AIMS clock winding down
The Arizona Republic
Apr. 10, 2006 

Meghan E. Moravcik

Time and options are running out for 3,000 high school English-language learner seniors in Arizona who have not passed the AIMS test and might not graduate.

The 9th U.S. Circuit Court of Appeals on Thursday temporarily blocked a judge's order that exempted those students from having to pass the test to graduate. So now the graduation status of those seniors, who just took the final round of Arizona's Instrument to Measure Standards test before the end of the school year, hangs in the balance.

If they haven't passed all three portions before graduation, they can try to take the test again in July. But some school officials wonder if they'll even bother.

"At some point, the kids are just going to say, 'I've got to move on with my life,'" said Craig Pletenik, spokesman for the Phoenix Union High School District. "We're probably going to have a hard time bringing kids back in the summer."

Phoenix Union, like many districts, won't let seniors who have failed to meet all graduation requirements, including AIMS, walk with their classmates at graduation.

That means that even if the appeal is denied later, and those seniors are granted a diploma, they've missed out on the graduation ceremony and possibly some college admission deadlines.

Only 18 percent of Phoenix Union's nearly 600 ELL seniors had passed all three portions going into the last round of testing.

"We're still hopeful a majority (of ELL students) will get through, but at the end of the day, we may have 50 kids or 100 kids who don't make it," Pletenik said.

The saga began years ago, when a judge said the funding for ELL programs in Arizona was arbitrary and inadequate. When nothing was done to satisfy the court requirement, U.S. District Court Judge Raner Collins imposed daily fines, which reached $21 million and forced lawmakers into action. Collins also ruled that the fine money be distributed to districts based on the number of English-language learners, and that the students were exempt from the AIMS graduation requirement.

Arizona schools chief Tom Horne asked an appeals court to set aside that ruling until the outcome of an appeal. A three-panel judge is set to hear the appeal in July.

Horne called Thursday's decision "a huge legal victory" for the state, adding that he has been "saying all along that they (every student) should be studying for the test."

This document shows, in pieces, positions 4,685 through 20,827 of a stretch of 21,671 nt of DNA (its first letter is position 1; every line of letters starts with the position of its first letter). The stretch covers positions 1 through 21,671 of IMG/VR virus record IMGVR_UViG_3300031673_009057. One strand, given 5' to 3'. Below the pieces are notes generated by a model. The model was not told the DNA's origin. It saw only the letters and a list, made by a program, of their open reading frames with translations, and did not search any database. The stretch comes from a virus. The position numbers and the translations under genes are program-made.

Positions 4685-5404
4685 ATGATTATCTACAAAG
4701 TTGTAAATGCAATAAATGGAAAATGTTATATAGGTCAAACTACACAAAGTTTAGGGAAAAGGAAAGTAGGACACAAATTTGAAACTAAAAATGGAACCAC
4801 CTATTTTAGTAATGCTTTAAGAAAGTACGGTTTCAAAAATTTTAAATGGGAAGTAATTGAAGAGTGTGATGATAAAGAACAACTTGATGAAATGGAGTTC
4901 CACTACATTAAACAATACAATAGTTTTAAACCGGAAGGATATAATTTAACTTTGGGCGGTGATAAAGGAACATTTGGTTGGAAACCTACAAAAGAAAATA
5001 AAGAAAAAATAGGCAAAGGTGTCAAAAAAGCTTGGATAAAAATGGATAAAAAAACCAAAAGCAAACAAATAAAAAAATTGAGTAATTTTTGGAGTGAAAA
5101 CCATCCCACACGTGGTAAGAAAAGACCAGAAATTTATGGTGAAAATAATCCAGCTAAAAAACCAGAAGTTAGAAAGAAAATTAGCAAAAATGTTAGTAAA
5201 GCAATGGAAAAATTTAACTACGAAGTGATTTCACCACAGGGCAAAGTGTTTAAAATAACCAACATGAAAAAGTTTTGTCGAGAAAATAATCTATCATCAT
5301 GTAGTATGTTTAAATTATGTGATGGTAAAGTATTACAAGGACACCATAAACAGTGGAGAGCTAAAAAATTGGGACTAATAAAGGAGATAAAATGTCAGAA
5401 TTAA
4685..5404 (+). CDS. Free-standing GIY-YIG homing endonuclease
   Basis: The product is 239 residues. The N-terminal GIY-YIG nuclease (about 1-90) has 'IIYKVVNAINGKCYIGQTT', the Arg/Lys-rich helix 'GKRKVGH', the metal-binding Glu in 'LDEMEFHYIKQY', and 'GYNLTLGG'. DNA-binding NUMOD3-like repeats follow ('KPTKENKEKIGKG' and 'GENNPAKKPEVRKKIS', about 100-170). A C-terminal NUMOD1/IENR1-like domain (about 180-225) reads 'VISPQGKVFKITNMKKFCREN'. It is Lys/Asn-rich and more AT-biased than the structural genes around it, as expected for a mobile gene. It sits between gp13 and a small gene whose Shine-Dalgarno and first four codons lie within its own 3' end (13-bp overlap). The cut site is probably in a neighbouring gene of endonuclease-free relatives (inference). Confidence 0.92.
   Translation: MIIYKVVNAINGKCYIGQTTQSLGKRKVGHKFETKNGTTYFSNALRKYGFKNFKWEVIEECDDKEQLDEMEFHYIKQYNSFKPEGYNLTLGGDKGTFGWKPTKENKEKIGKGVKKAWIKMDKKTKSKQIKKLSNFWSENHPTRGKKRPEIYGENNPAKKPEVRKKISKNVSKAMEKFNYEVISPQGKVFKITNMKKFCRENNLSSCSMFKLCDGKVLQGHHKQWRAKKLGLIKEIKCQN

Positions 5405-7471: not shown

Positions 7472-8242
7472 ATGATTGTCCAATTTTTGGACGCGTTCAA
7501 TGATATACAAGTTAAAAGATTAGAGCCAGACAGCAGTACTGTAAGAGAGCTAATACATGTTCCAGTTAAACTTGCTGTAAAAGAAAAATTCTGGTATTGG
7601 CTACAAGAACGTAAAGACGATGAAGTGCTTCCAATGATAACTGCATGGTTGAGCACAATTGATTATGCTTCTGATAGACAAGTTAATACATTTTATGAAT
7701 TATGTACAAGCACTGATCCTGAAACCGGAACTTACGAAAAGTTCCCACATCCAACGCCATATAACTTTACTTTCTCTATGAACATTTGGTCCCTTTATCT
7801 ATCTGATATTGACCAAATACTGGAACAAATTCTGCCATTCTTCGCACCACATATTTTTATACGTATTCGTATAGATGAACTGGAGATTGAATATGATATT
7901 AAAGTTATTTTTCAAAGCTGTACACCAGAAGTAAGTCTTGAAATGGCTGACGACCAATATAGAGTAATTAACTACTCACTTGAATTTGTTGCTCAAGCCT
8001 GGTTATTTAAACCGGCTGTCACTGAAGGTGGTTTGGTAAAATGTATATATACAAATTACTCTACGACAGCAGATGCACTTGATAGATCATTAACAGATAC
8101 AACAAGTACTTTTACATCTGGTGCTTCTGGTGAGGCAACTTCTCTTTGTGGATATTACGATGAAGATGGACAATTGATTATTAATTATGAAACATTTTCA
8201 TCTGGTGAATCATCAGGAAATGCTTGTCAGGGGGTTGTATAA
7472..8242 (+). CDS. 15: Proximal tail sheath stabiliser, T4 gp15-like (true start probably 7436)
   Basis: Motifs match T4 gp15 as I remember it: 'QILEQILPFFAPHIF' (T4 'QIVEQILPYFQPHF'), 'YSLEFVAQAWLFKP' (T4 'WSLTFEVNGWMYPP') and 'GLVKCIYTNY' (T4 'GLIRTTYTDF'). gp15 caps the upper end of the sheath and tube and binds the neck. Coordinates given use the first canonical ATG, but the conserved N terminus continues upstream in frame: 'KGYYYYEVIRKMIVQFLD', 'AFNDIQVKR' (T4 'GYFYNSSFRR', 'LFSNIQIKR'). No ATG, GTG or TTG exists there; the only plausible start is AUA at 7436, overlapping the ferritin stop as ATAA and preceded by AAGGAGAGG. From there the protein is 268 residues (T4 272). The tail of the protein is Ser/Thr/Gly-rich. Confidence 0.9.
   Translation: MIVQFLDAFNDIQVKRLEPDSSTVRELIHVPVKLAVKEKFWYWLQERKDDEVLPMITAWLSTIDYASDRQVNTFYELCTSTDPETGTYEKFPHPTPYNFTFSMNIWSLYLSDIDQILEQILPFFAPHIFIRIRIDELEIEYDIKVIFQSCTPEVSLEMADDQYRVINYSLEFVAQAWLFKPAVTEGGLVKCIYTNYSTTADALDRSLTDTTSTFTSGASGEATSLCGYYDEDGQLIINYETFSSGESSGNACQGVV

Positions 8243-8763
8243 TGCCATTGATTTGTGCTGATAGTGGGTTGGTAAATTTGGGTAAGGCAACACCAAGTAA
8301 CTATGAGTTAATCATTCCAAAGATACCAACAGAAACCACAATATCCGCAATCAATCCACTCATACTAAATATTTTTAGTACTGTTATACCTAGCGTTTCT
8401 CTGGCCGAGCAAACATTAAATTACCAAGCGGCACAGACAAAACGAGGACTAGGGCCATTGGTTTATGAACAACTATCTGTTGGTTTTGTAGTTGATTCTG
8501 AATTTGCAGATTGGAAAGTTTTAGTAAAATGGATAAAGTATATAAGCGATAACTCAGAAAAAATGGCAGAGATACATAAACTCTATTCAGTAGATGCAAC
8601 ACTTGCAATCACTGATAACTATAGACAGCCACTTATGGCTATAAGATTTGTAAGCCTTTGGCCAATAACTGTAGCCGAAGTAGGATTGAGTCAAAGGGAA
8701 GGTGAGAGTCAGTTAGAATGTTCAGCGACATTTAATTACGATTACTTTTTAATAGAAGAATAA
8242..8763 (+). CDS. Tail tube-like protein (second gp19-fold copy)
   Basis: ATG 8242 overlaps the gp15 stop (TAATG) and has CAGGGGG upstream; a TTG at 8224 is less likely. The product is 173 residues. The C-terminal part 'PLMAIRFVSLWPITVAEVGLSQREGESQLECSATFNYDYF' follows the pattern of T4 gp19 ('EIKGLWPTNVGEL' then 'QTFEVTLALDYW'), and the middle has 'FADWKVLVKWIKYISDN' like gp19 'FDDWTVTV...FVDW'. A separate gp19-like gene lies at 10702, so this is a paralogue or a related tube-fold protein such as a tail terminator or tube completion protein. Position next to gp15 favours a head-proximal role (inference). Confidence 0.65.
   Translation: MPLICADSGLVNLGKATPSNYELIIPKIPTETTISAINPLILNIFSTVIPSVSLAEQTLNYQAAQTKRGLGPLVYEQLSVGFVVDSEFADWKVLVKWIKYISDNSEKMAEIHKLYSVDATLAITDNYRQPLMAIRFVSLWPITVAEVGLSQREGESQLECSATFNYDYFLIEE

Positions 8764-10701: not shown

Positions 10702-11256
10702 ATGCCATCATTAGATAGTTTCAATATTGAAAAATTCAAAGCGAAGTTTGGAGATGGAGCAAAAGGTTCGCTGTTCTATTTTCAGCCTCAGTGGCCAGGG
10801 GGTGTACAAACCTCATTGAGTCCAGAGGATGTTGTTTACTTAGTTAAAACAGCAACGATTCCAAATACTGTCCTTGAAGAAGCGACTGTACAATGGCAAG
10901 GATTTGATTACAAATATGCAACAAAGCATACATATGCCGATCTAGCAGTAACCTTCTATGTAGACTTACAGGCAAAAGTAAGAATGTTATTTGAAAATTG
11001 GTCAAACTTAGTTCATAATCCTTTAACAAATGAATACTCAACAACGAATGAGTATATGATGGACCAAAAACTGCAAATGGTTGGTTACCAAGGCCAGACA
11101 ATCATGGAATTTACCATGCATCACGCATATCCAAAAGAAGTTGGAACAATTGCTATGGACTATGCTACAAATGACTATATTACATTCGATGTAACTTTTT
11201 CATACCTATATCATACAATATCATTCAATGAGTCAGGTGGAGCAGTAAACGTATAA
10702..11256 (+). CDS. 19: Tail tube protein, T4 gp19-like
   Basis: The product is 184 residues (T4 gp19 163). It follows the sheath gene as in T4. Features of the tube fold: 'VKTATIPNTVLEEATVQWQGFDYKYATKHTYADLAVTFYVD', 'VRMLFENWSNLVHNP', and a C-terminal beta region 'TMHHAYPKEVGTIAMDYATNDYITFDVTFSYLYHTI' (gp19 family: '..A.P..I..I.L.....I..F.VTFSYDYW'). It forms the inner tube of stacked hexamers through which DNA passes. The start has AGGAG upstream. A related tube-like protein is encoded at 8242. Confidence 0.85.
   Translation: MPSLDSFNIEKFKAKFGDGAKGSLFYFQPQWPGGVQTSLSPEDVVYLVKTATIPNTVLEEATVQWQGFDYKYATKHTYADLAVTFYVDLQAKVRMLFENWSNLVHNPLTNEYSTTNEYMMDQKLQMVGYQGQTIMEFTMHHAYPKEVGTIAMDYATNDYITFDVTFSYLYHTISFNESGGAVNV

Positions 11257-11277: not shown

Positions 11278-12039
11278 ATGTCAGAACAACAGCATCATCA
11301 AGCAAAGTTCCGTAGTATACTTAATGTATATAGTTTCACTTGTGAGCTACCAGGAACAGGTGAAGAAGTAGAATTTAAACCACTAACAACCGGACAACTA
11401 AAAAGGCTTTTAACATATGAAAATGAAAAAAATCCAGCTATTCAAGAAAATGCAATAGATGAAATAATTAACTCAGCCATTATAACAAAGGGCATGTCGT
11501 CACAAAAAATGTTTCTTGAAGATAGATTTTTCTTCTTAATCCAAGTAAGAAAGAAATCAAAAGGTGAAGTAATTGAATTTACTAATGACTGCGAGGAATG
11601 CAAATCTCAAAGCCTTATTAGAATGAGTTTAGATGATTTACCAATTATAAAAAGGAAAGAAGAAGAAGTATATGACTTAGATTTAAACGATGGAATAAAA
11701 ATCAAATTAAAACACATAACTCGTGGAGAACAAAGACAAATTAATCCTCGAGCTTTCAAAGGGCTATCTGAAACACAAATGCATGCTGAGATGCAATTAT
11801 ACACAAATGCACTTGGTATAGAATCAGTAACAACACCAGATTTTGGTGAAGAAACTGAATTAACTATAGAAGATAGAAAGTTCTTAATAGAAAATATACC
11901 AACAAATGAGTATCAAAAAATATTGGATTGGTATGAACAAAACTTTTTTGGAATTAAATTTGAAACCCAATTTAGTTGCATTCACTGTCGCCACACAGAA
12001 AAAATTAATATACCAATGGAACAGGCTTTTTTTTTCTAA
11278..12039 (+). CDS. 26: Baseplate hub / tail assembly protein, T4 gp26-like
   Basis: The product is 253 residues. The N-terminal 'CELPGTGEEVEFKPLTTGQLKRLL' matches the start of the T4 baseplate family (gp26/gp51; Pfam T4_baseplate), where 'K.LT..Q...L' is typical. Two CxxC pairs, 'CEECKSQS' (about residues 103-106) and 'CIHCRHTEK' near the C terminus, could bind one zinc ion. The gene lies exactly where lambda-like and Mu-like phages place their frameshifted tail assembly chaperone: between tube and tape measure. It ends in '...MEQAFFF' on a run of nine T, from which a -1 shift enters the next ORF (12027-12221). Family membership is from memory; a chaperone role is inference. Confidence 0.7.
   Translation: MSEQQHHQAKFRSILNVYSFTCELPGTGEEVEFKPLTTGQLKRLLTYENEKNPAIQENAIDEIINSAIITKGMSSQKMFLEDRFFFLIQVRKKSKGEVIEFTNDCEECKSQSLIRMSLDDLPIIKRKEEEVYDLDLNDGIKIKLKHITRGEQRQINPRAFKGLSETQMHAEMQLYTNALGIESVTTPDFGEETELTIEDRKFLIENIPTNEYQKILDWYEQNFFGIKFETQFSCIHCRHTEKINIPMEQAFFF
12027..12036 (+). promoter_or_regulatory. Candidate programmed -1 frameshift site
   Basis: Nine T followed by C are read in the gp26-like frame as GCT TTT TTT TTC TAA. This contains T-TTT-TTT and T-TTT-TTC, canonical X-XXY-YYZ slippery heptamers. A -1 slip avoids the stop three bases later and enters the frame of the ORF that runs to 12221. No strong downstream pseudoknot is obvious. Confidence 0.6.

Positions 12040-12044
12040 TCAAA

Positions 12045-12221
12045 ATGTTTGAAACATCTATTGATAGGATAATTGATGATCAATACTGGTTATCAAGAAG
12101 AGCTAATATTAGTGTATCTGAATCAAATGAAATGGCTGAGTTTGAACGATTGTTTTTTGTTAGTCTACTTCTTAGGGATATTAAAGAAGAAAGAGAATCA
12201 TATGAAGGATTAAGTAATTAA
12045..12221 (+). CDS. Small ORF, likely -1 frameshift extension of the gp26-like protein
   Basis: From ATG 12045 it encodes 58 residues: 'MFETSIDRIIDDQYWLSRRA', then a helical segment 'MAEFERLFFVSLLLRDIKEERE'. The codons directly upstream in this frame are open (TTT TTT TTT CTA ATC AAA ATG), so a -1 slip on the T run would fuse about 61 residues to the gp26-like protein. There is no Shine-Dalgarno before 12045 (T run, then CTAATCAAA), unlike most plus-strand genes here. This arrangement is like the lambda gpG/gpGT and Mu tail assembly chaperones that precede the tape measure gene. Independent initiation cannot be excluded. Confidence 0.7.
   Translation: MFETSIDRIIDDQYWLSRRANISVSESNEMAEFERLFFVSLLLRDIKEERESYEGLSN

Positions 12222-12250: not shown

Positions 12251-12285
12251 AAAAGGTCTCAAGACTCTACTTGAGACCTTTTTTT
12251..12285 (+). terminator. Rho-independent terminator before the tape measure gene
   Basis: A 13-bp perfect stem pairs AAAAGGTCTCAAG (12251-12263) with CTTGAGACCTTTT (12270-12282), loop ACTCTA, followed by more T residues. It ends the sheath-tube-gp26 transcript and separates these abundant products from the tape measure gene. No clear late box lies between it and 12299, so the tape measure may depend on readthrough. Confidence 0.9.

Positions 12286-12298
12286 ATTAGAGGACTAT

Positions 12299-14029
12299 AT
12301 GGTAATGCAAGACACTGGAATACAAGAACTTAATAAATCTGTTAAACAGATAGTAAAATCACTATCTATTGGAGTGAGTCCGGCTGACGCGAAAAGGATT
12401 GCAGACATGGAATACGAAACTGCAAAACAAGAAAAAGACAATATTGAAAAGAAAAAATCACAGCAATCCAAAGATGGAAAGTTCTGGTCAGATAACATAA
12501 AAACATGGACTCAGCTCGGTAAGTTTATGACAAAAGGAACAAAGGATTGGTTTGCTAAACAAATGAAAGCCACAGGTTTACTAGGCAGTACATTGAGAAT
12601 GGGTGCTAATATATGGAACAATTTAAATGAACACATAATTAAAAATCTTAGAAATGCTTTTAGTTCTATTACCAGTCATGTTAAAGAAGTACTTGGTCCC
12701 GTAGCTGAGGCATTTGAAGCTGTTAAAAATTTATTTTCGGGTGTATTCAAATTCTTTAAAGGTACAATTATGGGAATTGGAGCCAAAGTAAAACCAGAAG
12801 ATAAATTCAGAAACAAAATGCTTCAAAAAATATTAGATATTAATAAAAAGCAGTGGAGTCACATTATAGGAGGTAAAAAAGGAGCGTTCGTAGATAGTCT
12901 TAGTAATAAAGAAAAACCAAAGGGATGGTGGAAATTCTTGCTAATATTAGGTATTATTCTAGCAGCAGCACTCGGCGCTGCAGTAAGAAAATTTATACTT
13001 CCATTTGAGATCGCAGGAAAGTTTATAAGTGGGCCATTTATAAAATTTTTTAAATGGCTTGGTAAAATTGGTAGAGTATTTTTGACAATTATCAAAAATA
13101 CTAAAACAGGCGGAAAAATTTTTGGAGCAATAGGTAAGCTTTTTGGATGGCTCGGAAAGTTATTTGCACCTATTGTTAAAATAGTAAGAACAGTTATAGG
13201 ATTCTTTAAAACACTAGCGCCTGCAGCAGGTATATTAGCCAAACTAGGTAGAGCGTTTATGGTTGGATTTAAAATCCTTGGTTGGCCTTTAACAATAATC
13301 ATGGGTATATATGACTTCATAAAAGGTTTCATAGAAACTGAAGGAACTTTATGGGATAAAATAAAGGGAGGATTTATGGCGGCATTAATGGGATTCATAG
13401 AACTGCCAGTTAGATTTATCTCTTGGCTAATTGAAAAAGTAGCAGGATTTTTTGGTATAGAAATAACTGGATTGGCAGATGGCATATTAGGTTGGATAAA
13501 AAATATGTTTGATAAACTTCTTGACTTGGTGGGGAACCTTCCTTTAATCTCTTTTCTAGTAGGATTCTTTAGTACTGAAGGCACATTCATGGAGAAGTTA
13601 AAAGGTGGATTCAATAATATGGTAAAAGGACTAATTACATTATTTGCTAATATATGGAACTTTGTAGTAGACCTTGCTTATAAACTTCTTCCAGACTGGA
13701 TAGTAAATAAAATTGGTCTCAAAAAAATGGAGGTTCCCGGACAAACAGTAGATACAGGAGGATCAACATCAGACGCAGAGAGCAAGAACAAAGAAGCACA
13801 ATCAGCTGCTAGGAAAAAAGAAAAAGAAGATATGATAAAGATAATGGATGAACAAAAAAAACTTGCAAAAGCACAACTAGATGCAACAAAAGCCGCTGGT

Attorney Tim Hogan, of the Center for Law in the Public Interest, filed an emergency motion Friday asking the Court of Appeals to reconsider its ruling. If Hogan's motion is granted, ELL students who don't pass AIMS but meet all other requirements would be able to walk with their classmates at graduation.

Regardless, seniors who don't pass all three sections of the AIMS test still have some options. They can earn bonus points toward AIMS scores with good grades in their core classes, thanks to a state law passed last summer. So, it's possible that some students who failed the test still will be able to graduate once those bonus points have been factored in.

"We just don't know how many of these kids will be positively affected by that," Hogan said.

For students who want to pursue higher education, the answer could be Maricopa Community Colleges. Students who enroll there without a high school diploma or GED will be tested and placed in either developmental courses or college-level courses to work toward a degree.

And students who have a GED or enough community college transfer credits likely can be admitted to state universities, such as Arizona State University.

"We're feeling our way along a little with this," said Tom Cabot, assistant dean for enrollment management at ASU West.

ASU officials will try to be flexible and evaluate individual situations, he said, but the university doesn't have specific exceptions outlined in the admissions policy.

Reach the reporter at meghan or (602) 444-6943.